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This autumn is prime time for Jupiter-watching
BY MARK ARMSTRONG
ASTRONOMY NOW

Posted: 6 October 2013


Jupiter is by far the largest planet in the Solar System and undoubtably the most rewarding planet to observe, image and study for the amateur astronomer.


Jupiter on September 3rd, 2013. Good seeing. Oval BA is central showing a notable orange colouration similar to last apparition. Some SSTC white ovals are passing it to the south. Turbulent activity within the NTB. Image and commentary by Damian Peach.
 
Despite its huge distance from us, its mean distance being more than five times farther from the Sun than we are, for most of the time it's the largest planet to view in a telescope, beaten out only by Venus when near inferior conjunction. Jupiter can get as large as 50 arcseconds in apparent equatorial diameter (it almost achieved this in September 2010 when it reached 49.9 arcseconds at a near-perihelic opposition) and varies between this and a minimum size of 43 arcseconds, with the mean being 46 arcseconds.

The face that Jupiter presents to us is not a solid surface like Mars or Mercury, but the cloud tops of its incredibly dynamic atmosphere with constantly changing features and detail within a familiar structure of long-lasting dark belts and bright zones that generations of astronomers have kept under constant surveillance. Jupiter's disc can be resolved even in binoculars and even a 50-mm class 'scope will show the two major equatorial belts and the polar regions. Employing a magnification of 150x will be sufficient to show lots of detail through the eyepiece high quality refractors in the 125-mm class and above and reflectors and SCT's in the 150mm- 200-mm class will reward the keen Jovian observer with a lifetime of enjoyment.

Great Red Spot

Jupiter's longest lasting feature is the famous Great Red Spot (GRS), a huge oval shaped, seemingly perpetual anticyclonic storm that has been observed since the 17th century. It varies in size and intensity and currently its strongly coloured brick-red, which makes it easier to see in small 'scopes. The GRS drifts constantly in longitude through the southern South Equatorial Belt (SEB) and can currently be found at System II longitude of 200 degrees. This drift amounts to as much as 12 degrees per year, and is, of course, independent of the exceedingly fast rotation of the planet itself.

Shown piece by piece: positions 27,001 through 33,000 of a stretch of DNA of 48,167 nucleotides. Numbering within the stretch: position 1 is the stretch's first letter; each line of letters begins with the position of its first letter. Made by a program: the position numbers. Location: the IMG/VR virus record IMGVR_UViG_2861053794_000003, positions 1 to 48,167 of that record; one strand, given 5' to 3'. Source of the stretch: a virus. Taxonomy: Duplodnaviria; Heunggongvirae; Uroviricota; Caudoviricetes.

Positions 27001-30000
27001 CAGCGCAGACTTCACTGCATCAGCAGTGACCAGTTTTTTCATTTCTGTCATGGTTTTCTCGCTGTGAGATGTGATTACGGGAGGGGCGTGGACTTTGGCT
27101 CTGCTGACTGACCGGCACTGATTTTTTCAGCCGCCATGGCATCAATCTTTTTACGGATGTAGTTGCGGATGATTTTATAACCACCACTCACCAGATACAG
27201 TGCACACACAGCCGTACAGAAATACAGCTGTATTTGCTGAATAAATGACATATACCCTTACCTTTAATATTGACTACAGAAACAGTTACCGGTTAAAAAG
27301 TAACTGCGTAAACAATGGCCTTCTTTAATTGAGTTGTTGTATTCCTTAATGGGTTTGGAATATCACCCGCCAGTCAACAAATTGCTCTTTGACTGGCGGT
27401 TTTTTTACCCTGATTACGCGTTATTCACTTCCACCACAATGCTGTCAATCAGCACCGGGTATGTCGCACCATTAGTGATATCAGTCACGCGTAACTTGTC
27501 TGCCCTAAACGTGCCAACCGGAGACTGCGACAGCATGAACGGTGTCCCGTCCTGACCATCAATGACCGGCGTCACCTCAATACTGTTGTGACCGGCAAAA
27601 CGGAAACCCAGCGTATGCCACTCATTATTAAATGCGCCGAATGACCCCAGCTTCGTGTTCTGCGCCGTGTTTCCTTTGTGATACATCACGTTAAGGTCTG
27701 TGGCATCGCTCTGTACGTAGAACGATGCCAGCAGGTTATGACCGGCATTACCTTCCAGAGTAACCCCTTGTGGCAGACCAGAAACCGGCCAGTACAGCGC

there are two distinct rotation zones on Jupiter; the equatorial region, which encompasses the area from the southern half of the North Equatorial Belt (NEB) to the northern half of the SEB. Astronomers call this System I and has a defined mean rotation period of 9 hours 50 minutes and 30 seconds. System II is the rest of the planet and has a mean rotation period of 9 hours 55 minutes and 40.6 seconds. The GRS is best seen when it transits the Jovian central meridian (CM), an imaginary line drawn through the centre of Jupiter's disc from pole to pole.

Jupiter's fast rotation, as much as 90,000 km per hour at the equator, causes the globe to bulge outwards, giving the planet a very noticeable flattened appearance shaped like an oblate spheroid. This helps to define the CM easier and the system II longitude of the CM can be worked out in advance for any time, helping to pin-point a time when the GRS will be visible.

Oval BA is a smaller GRS-like feature that is at System II longitude of 40 degrees at the moment. Below are the times when the GRS and oval BA will transit the CM. Bear in mind that both will be visible for an hour or so either side of the times given, assuming the planet is high enough in the sky or twilight does not interfere.

GREAT RED SPOT...DATE...TIME

September (times BST)
21st...0514
24th...0244
26th...0423
29th...0153

October (BST unless stated)
1st....0331
3rd....0510
4th....0101
6th....0240
8th....0418
10th...0557
11th...0148
13th...0326
15th...0505
16th...0056
18th...0234
20th...0413
22nd...0551
23rd...0142
25th...0321, 2312
27th...0359, 2350 (UTC)
30th...0128, 2120 (UTC)

November (times UTC)
1st....0307, 2258
3rd....0445
4th....0036
6th....0214, 2206
8th....0352, 2344
10th...0531
11th...0122, 2113
13th...0300, 2251
15th...0438
16th...0029
18th...0207, 2159
20th...0345, 2337
21st...1928
22nd...0523
23rd...0114, 2106
25th...0252, 2244
27th...0430
28th...0022, 2013
29th...0608
30th...0200, 2151

December (times UTC)
2nd....0338, 2329
3rd....1920
4th....0516
5th....0107, 2058
7th....0245, 2236
9th....0423
10th...0014, 2005
11th...0600
12th...0152, 2143
14th...0330, 2321
16th...0507
17th...0059, 2050
19th...0236, 2228
21st...0414
22nd...0005, 1957
23rd...0552
24th...0143, 2135
26th...0321, 2313
27th...1904
28th...0459
29th...0050
31st...0228, 2220

OVAL BA...DATE...TIME

September (times BST)
27th...0545
30th...0315

October (BST unless stated)
2nd....0454
5th....0223
7th....0402
9th....0540
12th...0310
14th...0449
17th...0218
19th...0357
21st...0535
24th...0305
26th...0443
27th...0034
28th...0521 (UTC)
29th...0112 (UTC)
31st...0251 (UTC)

November (times UTC)
2nd....0429
3rd....0020
5th....0158
7th....0336, 2328
9th....0515
10th...0106
12th...0244, 2235
14th...0422
15th...0013
17th...0151
19th...0329, 2321
21st...0507
22nd...0059
24th...0237, 2228
26th...0415
27th...0006
28th...0553
29th...0144, 2135

December (times UTC)
1st....0322, 2313
3rd....0500
4th....0051, 2042
6th....0229, 2220
8th....0407, 2358
9th....1949
10th...0545
11th...0138, 2127
13th...0314, 2305
15th...0452
16th...0043, 2034
18th...0221, 2212
20th...0358, 2350
21st...1941
22nd...0536
23rd...0128, 2119
25th...0305, 2257
27th...0443
28th...0043, 2026
30th...0212, 2204

Colour and filters